Crawford has been fairly active the past two years. He has fought three times in 2016 and twice in 2015. Diaz fought twice in 2016 and twice in 2015.

Both boxers have strong amateur backgrounds. Crawford had success on the national level as an amateur and won the Police Athletic League Championship as well as the United States Pan American Games. Diaz won the gold medal in the 2008 Summer Olympics for the Dominican Republic.

Crawford has looked sensational throughout his career and nobody has come close to defeating him. He has defeated the likes of John Molina Jr., Viktor Postol, Henry Lundy, Dierry Jean, Thomas Dulorme, Raymundo Beltran, Yuriorkis Gamboa, Ricky Burns, and Andrey Klimov. Even though Crawford has fought many fights in his native Nebraska, he has shown a willingness to travel to fight as evident in his past fight with former champion Ricky Burns in Scotland.

Diaz is a technician but lacks power. He only has nine stoppage wins while Crawford has twenty one. The best opponents Diaz has defeated so far are Sammy Vasquez, Gabriel Bracero, Adrian Granados, and Emmanuel Lartei Lartey. His lone loss was a disputed loss to Lamont Peterson.

This writer thinks Diaz be one of the most difficult fights in Crawford’s career. He’s a technician and has a deep and successful amateur background. But Crawford has faced elite talent several times in his career and has defeated every opponent put in front of him. Diaz’s resume is void of any elite talent, and the one time he did face a legitimate title contender in Lamont Peterson he came up short.

Crawford should win the fight by decision.

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WBA/IBF Heavyweight Title Fight Preview: Anthony Joshua vs. Wladimir Klitschko


WBA/IBF Heavyweight Title Fight Preview: Anthony Joshua vs. Wladimir Klitschko
By: William Holmes

On Saturday afternoon one of the biggest heavyweight bouts in recent memory will take place at the famous Wembley Stadium in London, England.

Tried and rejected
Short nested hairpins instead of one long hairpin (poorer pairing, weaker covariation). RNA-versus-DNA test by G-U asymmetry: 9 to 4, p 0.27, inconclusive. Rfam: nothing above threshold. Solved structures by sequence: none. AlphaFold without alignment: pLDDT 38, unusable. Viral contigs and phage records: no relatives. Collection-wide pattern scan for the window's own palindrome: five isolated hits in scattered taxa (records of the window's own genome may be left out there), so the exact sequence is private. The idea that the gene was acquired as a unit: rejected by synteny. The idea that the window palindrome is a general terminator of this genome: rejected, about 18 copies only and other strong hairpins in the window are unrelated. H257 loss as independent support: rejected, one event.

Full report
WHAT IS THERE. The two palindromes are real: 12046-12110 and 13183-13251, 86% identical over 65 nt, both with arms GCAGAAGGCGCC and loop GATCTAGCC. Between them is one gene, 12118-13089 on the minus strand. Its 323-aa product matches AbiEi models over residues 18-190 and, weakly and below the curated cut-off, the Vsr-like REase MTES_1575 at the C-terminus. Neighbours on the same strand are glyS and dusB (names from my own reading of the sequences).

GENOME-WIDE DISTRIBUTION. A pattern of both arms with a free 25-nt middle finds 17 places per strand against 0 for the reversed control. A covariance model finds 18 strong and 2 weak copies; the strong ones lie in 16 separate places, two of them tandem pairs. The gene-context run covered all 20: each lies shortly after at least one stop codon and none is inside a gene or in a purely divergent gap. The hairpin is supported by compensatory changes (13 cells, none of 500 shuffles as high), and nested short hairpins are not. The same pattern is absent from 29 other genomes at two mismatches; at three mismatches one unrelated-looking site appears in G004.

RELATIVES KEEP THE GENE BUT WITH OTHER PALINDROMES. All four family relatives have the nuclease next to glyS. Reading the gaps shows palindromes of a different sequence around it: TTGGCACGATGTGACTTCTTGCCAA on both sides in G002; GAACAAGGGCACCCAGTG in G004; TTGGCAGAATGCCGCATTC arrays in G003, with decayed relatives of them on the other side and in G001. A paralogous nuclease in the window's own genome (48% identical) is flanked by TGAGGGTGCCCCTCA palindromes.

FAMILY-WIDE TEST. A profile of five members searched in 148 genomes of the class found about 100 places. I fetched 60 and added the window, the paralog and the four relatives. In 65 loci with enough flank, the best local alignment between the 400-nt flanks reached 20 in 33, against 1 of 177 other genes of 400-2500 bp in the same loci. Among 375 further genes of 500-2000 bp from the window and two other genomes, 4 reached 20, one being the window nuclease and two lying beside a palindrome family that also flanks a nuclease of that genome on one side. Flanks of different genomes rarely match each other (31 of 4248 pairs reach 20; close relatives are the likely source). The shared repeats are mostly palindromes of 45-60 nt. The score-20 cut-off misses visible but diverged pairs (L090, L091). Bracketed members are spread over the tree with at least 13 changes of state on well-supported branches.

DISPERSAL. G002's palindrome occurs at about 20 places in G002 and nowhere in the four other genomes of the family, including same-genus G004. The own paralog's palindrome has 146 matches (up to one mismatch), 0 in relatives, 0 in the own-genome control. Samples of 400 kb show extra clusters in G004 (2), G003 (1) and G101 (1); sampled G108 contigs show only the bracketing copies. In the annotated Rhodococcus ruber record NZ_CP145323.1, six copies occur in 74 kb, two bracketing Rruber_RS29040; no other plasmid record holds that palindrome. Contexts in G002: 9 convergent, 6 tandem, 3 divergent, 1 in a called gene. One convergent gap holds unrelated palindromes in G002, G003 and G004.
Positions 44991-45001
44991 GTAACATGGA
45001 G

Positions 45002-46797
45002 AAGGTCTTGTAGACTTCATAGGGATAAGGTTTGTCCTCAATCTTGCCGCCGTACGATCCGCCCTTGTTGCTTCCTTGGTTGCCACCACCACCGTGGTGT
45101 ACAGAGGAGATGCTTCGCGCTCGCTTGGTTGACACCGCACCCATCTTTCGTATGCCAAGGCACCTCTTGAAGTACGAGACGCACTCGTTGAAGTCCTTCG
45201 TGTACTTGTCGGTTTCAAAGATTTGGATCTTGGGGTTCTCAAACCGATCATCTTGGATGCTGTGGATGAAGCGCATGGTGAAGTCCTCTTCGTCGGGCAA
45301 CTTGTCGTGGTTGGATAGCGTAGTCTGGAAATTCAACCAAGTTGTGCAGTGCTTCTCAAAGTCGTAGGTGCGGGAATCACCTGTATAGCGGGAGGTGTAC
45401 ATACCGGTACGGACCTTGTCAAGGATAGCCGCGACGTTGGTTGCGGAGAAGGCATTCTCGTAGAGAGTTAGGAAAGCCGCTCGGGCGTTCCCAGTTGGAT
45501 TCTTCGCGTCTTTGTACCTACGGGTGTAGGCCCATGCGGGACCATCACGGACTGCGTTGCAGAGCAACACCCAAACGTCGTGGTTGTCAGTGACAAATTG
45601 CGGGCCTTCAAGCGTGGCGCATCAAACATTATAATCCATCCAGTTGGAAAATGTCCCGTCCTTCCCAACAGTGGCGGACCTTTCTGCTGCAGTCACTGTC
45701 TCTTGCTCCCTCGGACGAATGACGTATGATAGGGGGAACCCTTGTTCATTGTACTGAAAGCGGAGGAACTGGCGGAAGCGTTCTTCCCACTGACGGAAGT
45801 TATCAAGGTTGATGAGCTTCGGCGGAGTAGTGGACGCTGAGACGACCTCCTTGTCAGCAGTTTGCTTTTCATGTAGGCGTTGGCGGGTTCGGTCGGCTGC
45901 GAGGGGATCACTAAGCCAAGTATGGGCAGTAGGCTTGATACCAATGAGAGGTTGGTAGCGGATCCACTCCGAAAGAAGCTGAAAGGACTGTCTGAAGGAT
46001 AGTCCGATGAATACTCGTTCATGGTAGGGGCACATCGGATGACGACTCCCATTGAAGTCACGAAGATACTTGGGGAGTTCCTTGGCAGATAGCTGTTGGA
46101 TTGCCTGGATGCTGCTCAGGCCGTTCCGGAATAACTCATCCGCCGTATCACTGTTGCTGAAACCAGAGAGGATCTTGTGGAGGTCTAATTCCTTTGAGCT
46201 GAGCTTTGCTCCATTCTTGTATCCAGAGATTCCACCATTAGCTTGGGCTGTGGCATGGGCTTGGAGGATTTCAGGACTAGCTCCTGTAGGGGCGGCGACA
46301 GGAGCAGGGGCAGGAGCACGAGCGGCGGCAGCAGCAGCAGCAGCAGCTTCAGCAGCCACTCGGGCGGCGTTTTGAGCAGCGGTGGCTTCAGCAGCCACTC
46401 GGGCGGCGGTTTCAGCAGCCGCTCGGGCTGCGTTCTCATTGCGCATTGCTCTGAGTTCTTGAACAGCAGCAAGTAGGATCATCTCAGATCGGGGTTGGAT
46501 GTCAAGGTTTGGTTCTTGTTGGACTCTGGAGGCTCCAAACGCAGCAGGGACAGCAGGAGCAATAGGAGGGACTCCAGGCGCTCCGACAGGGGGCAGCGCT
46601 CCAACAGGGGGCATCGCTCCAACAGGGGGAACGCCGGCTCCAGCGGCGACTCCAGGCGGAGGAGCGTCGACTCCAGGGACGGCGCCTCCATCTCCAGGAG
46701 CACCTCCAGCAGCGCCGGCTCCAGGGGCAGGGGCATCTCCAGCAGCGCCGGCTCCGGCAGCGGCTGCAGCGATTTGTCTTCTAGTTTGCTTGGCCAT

This is such a major event that Wembley Stadium is expecting a record setting crowd of 90,000 fans in attendance. It is so big that Showtime will air the fight live at 4:15 p.m. live while HBO will televise the replay at 11:00 p.m. on same day tape delay.

It’s rare to see two of the biggest broadcasters of boxing agreeing to televise the same fight.

Esther Lim Showtime
Photo Credit: Esther Lin/Showtime

Both boxers appear to realize the magnitude of the vent at the most recent press conference. Joshua stated, “ Even though this is such a great event, I always try to strip it down to what it really is and just focus that it’s just me and this man coming to blows and the best man will win. I’m not only prepared physically but mentally as well for any battle.”

Klitschko recognizes that many count him out as an old faded champion and stated, “ Can you imagine my next opponent is going to fight a guy whose age is exactly the number of how long he has been in boxing- 27 years? Can you image that? It’s a pretty amazing task. Is it a degradation that I’m actually a challenger and underdog in this fight after 27 years in the sport? I don’t think so. I think it’s great”.

This is a huge bout, and will help determine if Anthony Joshua is the current kingpin of the heavyweight division and the reign of Klitschko is over, or if Klitschko’s time at the top is still ongoing.

The following is a preview of Saturday’s heavyweight title fight.

Anthony Joshua (18-0) vs. Wladimir Klitschko (64-4); WBA/IBF Heavyweight Title

This bout is between the next great big thing in the heavyweight division and a man who reigned over the heavyweight division from 2000-2015.

Both Joshua and Klitschko obtained the highest accolade one could achieve as an amateur boxer. Klitschko won the Gold Medal in the 1996 Summer Olympic Games for the Ukraine in the super heavyweight division and Joshua won the Gold Medal in the 2012 Summer Olympic Games for Great Britain in the super heavyweight division.

Both Joshua and Klitschko are very large heavyweights. Both stand at 6’6” and Joshua will have a slight one inch reach advantage, but both men have a reach of over 80”.

Klitschko’s age is his biggest liability. He’s forty one years old and is fourteen years older than Joshua. Joshua’s biggest liability is his relative lack of experience in big fights. He’s only fought eighteen times and has never faced an opponent the caliber of Klitschko.

Klitschko’s inactivity may also hurt him. He fought zero times in 2016, partially due to a calf injury, and only fought twice in 2015. Joshua on the other hand has been very active and fought five times in 2015 and three times in 2016.

Klitschko has been absolutely dominant the past decade and has defeated almost every big name in the heavyweight division in that time frame. He has defeated the likes of Bryant Jennings, Kubrat Pulev, Alexander Povetkin, Mariusz Wach, Tony Thompson, David Haye, Samuel Peter, Eddie Chambers, Ruslan Chagaev, Hasim Rahman, Sultan Ibragimov, Lamon Brewster, Calvin Brock, and Chris Byrd.

Joshua doesn’t have the extensive list of defeated contenders on his resume as Klitschko, but he has still defeated some very good opponents. He has defeated the likes of Eric Molina, Dominic Breazeale, Charles Martin, Dillian Whyte, Gary Cornish, and Kevin Johnson.